People living in neighbourhoods where they perceived traffic made it unpleasant to walk were more likely to have a higher BMI than those who didn't, according to a new University of Alberta study looking at the relationship between the built environment , socio-economic status (SES), and changes in body mass index (BMI) over a six year period.
This was one of the surprise findings in the study, led by Tanya Berry, a professor in behavioural medicine and a population health expert in the Faculty of Physical Education and Recreation.
"We found that the more people perceived that traffic was a problem in their neighbourhood, the more likely they were to have a higher BMI. But whether this means that those people were less active, we don't know, but we do know this is something to be followed up on," said Berry.
Study results also showed that age and neighbourhood SES also increased BMI change. Participants living in the lowest SES neighbourhoods experienced higher BMI increases than those in high SES neighbourhoods. The average BMI increased by .4 points across the entire study sample.
"We found that younger people had the biggest increases in BMI than older people, meaning those in the over -65 group," said Berry. "That's bad news on both counts: that younger people are getter fatter and because low BMI in older people is linked to frailty and illness and is an indicator of cardiovascular disease.
" We also found that participants in high SES neighbourhoods decreased their BMI by .5 points."
This study surveyed 822 Edmontonians by phone and included questions about age, gender, education, employment, marital status and household annual income – and whether they had moved since 2002.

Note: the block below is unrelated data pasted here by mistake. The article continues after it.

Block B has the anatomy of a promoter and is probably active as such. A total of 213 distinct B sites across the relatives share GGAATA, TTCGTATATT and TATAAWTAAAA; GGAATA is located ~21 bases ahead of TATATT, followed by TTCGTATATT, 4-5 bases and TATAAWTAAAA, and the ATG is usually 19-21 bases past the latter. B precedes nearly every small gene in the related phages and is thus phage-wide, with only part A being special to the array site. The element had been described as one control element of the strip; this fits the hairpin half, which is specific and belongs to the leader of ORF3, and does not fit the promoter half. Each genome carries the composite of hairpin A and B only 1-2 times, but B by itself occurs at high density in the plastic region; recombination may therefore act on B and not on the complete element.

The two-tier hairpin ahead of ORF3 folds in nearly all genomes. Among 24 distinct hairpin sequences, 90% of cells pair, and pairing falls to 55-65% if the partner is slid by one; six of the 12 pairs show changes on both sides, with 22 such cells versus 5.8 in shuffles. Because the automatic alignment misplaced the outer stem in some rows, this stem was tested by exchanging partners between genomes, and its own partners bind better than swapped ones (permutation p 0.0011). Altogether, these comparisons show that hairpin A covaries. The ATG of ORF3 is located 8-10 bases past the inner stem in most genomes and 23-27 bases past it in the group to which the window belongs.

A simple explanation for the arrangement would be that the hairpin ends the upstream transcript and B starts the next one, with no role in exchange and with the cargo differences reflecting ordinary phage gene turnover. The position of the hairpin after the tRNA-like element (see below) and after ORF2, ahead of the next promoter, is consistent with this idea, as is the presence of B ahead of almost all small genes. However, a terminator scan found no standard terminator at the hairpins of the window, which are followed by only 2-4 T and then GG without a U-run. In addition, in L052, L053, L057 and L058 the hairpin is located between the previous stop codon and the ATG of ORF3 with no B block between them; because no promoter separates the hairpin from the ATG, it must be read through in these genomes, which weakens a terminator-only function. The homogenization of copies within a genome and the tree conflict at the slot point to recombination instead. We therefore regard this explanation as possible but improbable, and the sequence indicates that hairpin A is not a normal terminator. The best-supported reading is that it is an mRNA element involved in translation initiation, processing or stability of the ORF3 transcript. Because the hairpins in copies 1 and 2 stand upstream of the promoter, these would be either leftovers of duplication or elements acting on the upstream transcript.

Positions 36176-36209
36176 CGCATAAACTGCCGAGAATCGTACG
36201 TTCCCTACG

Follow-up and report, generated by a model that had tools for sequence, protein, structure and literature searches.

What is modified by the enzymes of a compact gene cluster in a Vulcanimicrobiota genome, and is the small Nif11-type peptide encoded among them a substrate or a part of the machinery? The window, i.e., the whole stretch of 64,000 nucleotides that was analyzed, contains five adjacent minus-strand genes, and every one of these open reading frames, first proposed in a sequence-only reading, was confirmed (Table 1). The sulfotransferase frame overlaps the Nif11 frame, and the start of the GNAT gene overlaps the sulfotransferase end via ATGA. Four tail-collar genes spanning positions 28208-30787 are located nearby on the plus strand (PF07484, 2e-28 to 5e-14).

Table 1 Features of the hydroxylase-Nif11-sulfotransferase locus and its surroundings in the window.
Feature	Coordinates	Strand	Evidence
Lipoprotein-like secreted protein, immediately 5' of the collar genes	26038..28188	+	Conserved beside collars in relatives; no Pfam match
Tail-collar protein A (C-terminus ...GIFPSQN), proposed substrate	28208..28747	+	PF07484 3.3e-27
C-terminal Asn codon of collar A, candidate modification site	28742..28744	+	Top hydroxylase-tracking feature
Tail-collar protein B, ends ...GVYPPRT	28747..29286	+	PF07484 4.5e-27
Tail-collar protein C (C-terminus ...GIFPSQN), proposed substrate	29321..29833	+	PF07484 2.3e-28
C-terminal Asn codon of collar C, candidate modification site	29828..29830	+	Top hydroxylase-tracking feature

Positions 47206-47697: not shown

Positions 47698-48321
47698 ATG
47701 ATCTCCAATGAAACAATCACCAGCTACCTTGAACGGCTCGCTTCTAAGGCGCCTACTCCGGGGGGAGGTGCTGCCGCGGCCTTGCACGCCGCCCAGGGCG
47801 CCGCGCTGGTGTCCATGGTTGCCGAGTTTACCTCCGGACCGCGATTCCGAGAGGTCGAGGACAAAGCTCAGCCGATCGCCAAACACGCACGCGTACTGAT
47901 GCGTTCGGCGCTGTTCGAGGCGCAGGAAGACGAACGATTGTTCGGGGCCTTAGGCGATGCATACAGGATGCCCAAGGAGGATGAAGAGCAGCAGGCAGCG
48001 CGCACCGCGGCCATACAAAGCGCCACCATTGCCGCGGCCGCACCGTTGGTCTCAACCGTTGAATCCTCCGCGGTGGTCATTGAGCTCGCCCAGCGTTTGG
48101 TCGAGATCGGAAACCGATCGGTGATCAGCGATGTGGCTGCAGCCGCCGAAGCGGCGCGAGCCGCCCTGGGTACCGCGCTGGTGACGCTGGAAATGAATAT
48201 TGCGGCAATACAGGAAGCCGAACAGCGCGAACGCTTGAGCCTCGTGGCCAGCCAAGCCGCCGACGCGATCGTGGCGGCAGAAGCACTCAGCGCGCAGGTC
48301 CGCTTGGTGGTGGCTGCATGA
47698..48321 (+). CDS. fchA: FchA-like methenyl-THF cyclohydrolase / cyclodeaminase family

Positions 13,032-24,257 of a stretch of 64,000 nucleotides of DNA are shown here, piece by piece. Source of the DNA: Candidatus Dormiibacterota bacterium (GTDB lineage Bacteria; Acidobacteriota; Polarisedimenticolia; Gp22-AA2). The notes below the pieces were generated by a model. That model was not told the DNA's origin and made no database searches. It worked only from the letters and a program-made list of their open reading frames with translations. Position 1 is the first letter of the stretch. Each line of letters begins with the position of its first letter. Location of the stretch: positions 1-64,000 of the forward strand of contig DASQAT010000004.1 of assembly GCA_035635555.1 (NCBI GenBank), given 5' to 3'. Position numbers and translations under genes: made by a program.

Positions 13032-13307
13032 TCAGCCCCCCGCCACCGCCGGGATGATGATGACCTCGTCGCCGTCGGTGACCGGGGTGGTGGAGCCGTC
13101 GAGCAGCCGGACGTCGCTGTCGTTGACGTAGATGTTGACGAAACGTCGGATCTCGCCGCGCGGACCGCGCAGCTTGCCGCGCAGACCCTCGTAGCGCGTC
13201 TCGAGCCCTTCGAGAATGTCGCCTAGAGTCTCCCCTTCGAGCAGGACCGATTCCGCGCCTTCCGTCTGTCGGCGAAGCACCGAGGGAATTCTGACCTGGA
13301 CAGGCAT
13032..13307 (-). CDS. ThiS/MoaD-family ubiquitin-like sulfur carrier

Participants were asked about their consumption of fruits and vegetables, how often they ate them and how many servings; whether they were smokers. Those in the study were asked to self report their height and weight so researchers could calculate their BMI, and how many minutes they spent walking, sitting, or sleeping over a seven-day period.
"We asked about the type of housing in their neighbourhoods," said Berry, "because single family, detached family dwellings tend to reduce walkability whereas in high-density, mixed residential neighbourhoods people can walk out of their apartment, go to the grocery store or other places easy to walk to."
In neighbourhood design, said Berry, there are the three D's of walkability: diversity, density and design. "And then there are people's perceptions," said Berry. "Low-income neighbourhoods would rank quite high on the walkability index, but people aren't walking because of perceived safety issues, or the only place to go is the convenience store on the corner."
Finally, said Berry, "I was surprised to find that objective walkability (an index assessing density, diversity and design) didn't come up as significant at all in our findings. There's a body of cross-sectional literature showing the relationship between the walkability of a neighbourhood and BMI, but there are some other studies, and now this longitudinal one, that actually look at the change in BMI and are calling that relationship into question.
"It might be that the perception of walkability is more important than these objective measures."